Feb 25 (Reuters) - The Telegraph
CHANCELLOR MUST ‘EASE PACE’ OF AUSTERITY IN WAKE OF UK CREDIT RATING DOWNGRADE
One of the biggest global fund managers, Fidelity Worldwide Investment, has called for the Government to “ease the pace” of austerity in the wake of the UK’s credit rating downgrade.
France is more open to foreign investment than the United States or Germany, the country’s industry minister has claimed, as he singled out Britain as being in “even bigger difficulty than France over its budget deficit”.
ABERTIS MAY SELL ITS BRITISH REGIONAL AIRPORTS AFTER REVIEW
Some of Britain’s leading regional airports could be about to change hands after the world’s largest toll road operator ordered a review of its transport division.
A group of high streets in London outside of the core tourist destinations are growing in popularity and stature as retailers struggle to find affordable sites on Oxford Street and Bond Street.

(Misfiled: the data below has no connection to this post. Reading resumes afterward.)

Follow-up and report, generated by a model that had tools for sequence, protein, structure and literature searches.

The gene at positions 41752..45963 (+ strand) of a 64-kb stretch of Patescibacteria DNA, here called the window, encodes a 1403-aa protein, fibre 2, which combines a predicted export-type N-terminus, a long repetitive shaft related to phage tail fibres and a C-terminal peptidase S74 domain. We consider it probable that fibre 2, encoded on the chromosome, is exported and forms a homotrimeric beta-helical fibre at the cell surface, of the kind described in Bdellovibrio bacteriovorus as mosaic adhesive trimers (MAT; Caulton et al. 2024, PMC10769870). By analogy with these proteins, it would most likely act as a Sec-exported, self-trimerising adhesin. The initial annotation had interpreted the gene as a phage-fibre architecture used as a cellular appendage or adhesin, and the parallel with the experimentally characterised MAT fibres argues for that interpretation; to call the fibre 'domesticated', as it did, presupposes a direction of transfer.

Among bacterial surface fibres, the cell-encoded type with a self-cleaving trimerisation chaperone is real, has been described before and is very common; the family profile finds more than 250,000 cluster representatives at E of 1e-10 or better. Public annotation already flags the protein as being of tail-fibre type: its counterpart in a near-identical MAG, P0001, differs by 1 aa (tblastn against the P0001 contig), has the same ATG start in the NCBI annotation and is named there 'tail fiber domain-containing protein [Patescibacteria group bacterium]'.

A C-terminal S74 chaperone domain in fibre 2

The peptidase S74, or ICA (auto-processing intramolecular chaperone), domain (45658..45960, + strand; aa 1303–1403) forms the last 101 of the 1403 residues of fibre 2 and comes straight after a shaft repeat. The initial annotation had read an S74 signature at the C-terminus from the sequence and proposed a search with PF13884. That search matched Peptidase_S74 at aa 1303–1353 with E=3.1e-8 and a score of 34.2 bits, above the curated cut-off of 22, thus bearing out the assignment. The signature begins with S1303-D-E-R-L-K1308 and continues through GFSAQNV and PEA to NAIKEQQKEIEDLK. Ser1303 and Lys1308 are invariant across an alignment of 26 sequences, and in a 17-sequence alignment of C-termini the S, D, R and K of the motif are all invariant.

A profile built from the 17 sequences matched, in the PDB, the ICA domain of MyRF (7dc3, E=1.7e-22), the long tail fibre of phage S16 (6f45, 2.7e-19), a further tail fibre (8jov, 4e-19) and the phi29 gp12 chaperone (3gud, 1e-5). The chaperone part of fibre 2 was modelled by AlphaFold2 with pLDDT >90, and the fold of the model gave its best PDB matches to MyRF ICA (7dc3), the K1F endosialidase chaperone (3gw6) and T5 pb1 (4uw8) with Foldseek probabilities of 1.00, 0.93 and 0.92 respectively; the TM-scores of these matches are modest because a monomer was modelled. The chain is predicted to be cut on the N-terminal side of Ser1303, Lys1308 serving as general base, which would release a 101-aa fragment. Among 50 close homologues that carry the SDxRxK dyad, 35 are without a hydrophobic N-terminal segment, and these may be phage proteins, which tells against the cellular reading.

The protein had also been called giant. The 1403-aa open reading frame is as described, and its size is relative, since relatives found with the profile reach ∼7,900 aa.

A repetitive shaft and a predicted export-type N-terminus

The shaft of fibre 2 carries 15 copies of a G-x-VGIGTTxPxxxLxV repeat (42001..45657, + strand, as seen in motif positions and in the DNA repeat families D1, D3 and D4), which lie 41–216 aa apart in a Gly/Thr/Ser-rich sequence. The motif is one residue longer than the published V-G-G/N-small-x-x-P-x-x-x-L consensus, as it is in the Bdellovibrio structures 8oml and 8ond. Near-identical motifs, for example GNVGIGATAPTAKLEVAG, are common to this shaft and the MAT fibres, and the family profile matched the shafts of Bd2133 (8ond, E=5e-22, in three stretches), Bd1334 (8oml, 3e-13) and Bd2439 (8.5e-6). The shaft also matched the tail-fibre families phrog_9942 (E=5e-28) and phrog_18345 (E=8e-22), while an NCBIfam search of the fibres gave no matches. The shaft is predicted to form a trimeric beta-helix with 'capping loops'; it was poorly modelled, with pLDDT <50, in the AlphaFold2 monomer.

Two former Conservative chancellors have issued grave warnings about the British economy as the government braced itself for the pound to slide following the loss of the UK’s coveted AAA credit rating.
ICIS CONSULTS ENERGY INDUSTRY OVER HOW TO IMPROVE OPERATIONS
ICIS, the price reporting agency at the centre of the wholesale gas market rigging allegations, has opened a formal consultation with the energy industry about how to improve its operations.
The Sunday Times
George Osborne yesterday vowed that there would be no Plan B to kickstart the economy as he fought to shore up market confidence following the loss of Britain’s AAA credit rating.
A giant American private equity firm is preparing to sweep up the historic Axminster Carpets business, which will plunge into administration this week.
The Royal Bank of Scotland is planning to cave in to the demands of its regulator and outline plans to put its American retail arm, Citizens, on the market next week.
Marks & Spencer failed to pull in new year sales shoppers, with reports suggesting it lost ground to rivals Primark and Zara.
Vince Cable dismissed the loss of Britain’s prized AAA credit rating as “background noise.”